The warnings will begin to appear in spring next year if the government has failed to break the deadlock in the ongoing Brexit negotiations.
It would affect tickets to EU destinations as well as up to 17 other countries, including the US, as flights to places like America are covered under current EU regulation.
If flights are grounded as a result of ‘no deal’, then airlines would compensate passengers for the cost of their flights.
But any extra costs usually covered by airlines based on EU regulations – like compensation – would not be paid out.
Air traffic in the EU is currently governed by the Single European Sky arrangement that allows planes to fly without restriction from one European country to another.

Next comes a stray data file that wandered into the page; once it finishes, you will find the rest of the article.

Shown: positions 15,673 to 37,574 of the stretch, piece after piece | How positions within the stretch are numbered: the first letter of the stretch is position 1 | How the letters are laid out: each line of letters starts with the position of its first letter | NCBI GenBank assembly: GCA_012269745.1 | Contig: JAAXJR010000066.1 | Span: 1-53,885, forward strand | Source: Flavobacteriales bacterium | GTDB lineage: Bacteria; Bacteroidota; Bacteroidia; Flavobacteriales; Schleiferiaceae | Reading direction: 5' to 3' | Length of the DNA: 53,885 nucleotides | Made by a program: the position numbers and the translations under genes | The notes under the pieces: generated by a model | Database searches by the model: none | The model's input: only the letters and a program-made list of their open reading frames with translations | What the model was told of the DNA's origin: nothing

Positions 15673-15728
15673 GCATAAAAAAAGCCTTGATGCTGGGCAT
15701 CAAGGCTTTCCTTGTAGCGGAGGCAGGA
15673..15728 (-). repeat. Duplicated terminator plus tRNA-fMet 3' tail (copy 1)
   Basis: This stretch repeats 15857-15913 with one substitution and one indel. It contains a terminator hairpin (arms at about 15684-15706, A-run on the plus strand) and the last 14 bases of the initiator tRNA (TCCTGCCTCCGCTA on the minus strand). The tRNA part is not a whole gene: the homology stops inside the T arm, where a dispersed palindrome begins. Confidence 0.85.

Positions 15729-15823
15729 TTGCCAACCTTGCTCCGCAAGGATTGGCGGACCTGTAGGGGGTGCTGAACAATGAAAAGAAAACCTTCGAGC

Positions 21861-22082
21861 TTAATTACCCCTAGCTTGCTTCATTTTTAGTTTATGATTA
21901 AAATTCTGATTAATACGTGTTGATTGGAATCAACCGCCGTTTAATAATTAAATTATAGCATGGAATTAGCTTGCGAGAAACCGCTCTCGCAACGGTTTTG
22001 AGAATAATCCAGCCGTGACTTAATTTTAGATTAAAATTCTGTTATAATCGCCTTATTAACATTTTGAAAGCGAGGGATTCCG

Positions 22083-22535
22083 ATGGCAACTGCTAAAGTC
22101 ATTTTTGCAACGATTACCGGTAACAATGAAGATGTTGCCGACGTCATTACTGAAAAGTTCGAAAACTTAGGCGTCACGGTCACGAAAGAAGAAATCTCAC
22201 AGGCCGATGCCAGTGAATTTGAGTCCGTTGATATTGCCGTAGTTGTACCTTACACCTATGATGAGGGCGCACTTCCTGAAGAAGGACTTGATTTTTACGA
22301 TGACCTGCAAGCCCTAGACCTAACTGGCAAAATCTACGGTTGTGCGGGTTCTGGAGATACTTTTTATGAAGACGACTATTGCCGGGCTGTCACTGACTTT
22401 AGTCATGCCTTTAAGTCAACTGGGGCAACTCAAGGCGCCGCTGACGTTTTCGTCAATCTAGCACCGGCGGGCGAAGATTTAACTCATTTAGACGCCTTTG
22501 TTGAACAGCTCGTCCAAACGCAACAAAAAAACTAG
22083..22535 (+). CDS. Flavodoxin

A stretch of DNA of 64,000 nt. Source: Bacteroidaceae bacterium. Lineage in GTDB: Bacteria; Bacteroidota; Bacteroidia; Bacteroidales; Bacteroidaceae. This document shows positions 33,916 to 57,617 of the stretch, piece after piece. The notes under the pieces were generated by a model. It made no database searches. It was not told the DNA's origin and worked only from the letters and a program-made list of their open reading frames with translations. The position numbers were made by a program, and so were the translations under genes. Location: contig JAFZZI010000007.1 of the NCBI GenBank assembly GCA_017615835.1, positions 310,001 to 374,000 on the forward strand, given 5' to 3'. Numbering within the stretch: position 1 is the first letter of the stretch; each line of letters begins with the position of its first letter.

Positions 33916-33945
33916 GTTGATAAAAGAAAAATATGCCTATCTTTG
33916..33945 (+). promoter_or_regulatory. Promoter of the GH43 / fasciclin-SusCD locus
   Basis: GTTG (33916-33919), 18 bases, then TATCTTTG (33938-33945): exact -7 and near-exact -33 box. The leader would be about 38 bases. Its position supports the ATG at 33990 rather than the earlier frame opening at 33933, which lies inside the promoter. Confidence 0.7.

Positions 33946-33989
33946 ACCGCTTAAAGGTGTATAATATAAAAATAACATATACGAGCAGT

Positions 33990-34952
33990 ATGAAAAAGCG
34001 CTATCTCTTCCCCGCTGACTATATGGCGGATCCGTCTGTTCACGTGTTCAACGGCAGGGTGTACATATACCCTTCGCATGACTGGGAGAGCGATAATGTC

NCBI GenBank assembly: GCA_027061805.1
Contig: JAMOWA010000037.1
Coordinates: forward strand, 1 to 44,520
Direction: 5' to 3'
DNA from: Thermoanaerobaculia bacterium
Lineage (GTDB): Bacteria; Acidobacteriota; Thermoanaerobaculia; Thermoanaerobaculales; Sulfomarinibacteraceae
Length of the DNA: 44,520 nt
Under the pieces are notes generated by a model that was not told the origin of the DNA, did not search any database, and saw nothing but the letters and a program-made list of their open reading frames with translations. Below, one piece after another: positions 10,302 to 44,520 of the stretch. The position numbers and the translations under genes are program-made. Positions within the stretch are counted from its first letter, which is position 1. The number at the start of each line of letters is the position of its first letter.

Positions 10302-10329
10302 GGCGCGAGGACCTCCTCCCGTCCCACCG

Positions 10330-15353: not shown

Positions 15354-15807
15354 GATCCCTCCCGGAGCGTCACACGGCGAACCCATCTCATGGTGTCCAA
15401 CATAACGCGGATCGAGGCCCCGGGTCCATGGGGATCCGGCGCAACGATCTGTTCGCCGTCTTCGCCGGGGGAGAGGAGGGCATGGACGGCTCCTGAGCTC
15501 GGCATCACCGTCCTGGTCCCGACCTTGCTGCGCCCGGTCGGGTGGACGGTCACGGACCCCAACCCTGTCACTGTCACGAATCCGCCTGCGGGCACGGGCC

For things to continue as such, a new treaty will have to be agreed between the UK and the EU.
It comes a month after UK Chancellor Philip Hammond warned MPs that all air traffic could ‘theoretically’ stop the day after Brexit.
He said today during a select committee: “It is theoretically conceivable that in a no-deal scenario there will be no air traffic moving between the UK and European Union on March 29, 2019 – but I don’t think anyone seriously believes that is where we’ll get to.
“So there are a range of outcomes. What we will need to do at a point in time is determine what a realistic worst case scenario that we need to plan for and invest for.”
Airlines reportedly continue to be optimistic that a deal will be struck between Britain and the EU.
But there are concerns the government won’t approve an aviation deal if it has to abide by certain European Courts of Justice rulings.